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What does it take? – European Startups stepping up to global tech leadership

Today we’re excited to announce the launch of Europeanstartups.co, a two-year joint venture with Sifted.eu, supported by the European Commission and the European Parliament, aimed at facilitating informed conversation and collaboration among ecosystem stakeholders (governments and policymakers, VCs and angel investors, founders, researchers and journalists) to take Europe’s startup economy to the next level.

The open access platform will be accessible to the public by June 2020, and today we release our inaugural European Startups report “What does it take? Europe’s startup ecosystem navigating the Covid-19 crisis” revealing the first large-scale look at how the Coronavirus crisis is impacting startups in Europe. We explore the industry’s strengths, challenges, and key health indicators for resilience during the current economic downturn. With hundreds of thousands of jobs under threat across the 27 EU member states and their close neighbours, data on the state of the ecosystem will be central in navigating these unprecedented times.

 

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20 years of closing the gap

European tech has been a positive success story over the last two decades, having collectively created 190 companies valued at over $1bn, from Dublin to Warsaw, Lisbon to Helsinki. VC investment is central to unicorn creation – today 82% of unicorns are VC-backed, compared with only 20% a decade ago.

A gap still exists between US and European tech, but a new generation of startups have been making their mark. The US big five technology companies of Facebook, Alphabet, Amazon, Microsoft and Apple are collectively worth 10x their five most valuable European peers of SAP, ASML, Prosus, Siemens and Booking.com. But the top 5 more recently founded VC-backed US tech companies, Uber, Zoom, Stripe, Workday and Square are worth just 2.2x Adyen, Spotify, Supercell, Delivery Hero and Zalando – all founded in Europe.

Building pipeline and momentum

European tech is starting to attract larger shares of global venture capital. Last year 26% of all capital invested in rounds over €2m was invested in Europe, up from 18% in 2015. And the pipeline is strengthening. While only 12% of global megaround-plus capital (€250m+ rounds) went to Europe, 38% of all seed money (€1m-€4m) was invested in Europe.

European startups and scaleups employ an estimated 2m jobs, and startups are the number 1 job growth engine, growing at 10% per year. To stay relevant in tomorrow’s global economy, it is critical that European tech’s momentum isn’t lost.

Graph showing year-on-year growth rate of startup jobs in Europe at +10%, higher than any other sector

 

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Navigating the crisis

Of course the Coronavirus crisis presents challenges for companies of all kinds, including startups. VC activity in March and April were not significantly lower than previous months, or when compared year on year, but these are deals that were in the works for months, only to be completed in Q1. The full impact of the crisis on investment will only become clear in Q2 and beyond.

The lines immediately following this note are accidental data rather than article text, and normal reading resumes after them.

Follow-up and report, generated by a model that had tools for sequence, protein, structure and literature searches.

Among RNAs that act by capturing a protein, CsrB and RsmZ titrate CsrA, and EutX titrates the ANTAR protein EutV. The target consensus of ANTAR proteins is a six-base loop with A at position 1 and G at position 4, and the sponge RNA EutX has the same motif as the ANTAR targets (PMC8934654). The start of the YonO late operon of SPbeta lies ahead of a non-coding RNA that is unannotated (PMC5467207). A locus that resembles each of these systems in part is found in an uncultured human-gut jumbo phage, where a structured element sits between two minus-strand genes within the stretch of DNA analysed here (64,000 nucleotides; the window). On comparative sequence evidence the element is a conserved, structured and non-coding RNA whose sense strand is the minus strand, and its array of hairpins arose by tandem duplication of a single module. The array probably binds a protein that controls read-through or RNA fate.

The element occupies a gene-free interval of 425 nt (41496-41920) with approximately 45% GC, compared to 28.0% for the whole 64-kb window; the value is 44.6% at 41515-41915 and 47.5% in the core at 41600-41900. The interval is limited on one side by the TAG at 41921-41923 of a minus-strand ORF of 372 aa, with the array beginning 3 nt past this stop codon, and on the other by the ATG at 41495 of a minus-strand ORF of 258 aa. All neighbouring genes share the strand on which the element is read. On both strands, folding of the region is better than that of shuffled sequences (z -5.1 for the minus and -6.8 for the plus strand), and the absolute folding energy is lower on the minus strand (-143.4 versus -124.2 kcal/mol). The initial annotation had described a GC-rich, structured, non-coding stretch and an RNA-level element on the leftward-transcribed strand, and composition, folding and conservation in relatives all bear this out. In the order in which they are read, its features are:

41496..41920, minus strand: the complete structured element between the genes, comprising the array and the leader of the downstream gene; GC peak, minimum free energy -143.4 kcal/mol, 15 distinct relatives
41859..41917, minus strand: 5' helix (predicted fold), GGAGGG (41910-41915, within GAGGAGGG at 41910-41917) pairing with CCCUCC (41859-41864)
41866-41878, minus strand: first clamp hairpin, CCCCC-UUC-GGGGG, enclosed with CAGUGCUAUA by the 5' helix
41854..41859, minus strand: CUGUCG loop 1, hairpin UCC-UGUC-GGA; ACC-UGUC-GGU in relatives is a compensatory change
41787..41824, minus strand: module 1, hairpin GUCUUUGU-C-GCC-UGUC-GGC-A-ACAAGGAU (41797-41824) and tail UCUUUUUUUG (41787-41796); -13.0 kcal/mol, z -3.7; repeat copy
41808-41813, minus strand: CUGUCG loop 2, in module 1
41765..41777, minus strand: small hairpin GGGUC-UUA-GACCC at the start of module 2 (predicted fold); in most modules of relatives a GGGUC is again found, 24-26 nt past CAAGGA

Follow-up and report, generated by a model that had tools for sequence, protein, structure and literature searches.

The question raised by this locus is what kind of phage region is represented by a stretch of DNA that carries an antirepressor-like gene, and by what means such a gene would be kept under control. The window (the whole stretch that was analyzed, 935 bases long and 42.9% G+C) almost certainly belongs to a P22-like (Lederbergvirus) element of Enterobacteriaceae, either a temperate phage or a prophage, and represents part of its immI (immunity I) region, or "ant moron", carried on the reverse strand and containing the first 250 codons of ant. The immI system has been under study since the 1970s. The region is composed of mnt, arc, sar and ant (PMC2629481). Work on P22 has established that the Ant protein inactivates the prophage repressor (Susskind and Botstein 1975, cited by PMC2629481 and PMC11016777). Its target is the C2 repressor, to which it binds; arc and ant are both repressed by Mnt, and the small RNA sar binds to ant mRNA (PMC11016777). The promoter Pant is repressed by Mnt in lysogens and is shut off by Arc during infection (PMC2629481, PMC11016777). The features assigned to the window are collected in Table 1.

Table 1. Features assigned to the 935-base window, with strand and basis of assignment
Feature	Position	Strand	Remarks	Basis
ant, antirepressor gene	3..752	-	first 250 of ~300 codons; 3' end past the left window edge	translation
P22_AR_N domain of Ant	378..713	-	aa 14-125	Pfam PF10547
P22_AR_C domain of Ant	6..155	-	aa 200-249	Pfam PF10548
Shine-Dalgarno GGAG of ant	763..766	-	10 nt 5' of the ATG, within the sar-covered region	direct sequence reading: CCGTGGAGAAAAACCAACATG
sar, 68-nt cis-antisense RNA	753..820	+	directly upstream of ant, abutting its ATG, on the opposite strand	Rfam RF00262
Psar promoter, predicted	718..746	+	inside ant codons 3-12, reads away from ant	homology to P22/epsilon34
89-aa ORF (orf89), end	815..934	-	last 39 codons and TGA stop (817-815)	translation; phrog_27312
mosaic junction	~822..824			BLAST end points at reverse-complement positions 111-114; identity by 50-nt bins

European VCs are sitting on record amounts of “dry powder”, with over €20bn raised by funds in 2019 and 2020 alone. But European VCs only account for 30-40% of investment in European startups. Continued investment from additional investor groups such as US and Asian VCs, Sovereign Wealth Funds, Growth and private equity, Corporates and Crowdfunding will be crucial for continued growth.

Looking at public markets, Covid-19 has caused companies to diverge into winners and losers, with areas such as telemedicine, pet food, collaboration and groceries in a net positive position, and direct to consumer food, real estate, jobs, marketing and travel most adversely affected.

graph showing sectors most affected by Coronavirus economic downturn based on share prices on public markets

These shifts will translate into huge challenges for some startups working in similar spaces, while also creating opportunities for others. Both need to be managed. Companies like Poland’s docplanner, the UK’s Farmdrop, Sketch in the Netherlands and France’s Stilla are well positioned, as digital adoption in their respective sectors accelerate.

table showing net positive, defensible, vulnerable and most affected tech sectors in Coronavirus crisis

There’s never been a better time to launch or scale a startup in Europe

While there are undoubtedly many challenges ahead, European tech’s fundamentals are robust. It has nurtured its largest and most talented generation of experienced operators through rich and diverse tech hubs across the continent, it is better capitalised than ever, and has European and national-level government support all working in the same direction. As long as entrepreneurialism and risk appetite are not lost, the ecosystem will bounce back.

The next two years in tech are going to be crucial for Europe. One of the critical success factors will be the ability for Europe’s public and private sectors to work together. That’s why the Europeanstartups.co platform and reports will showcase macro-level trends and insights across all EU member states to help direct funding decisions, drive discussion, and inform policy making around the current crisis, and the wider ecosystem.

Join us at Europeanstartups.co to access the full report, be kept up to date on the platform launch, and join the conversation.

 

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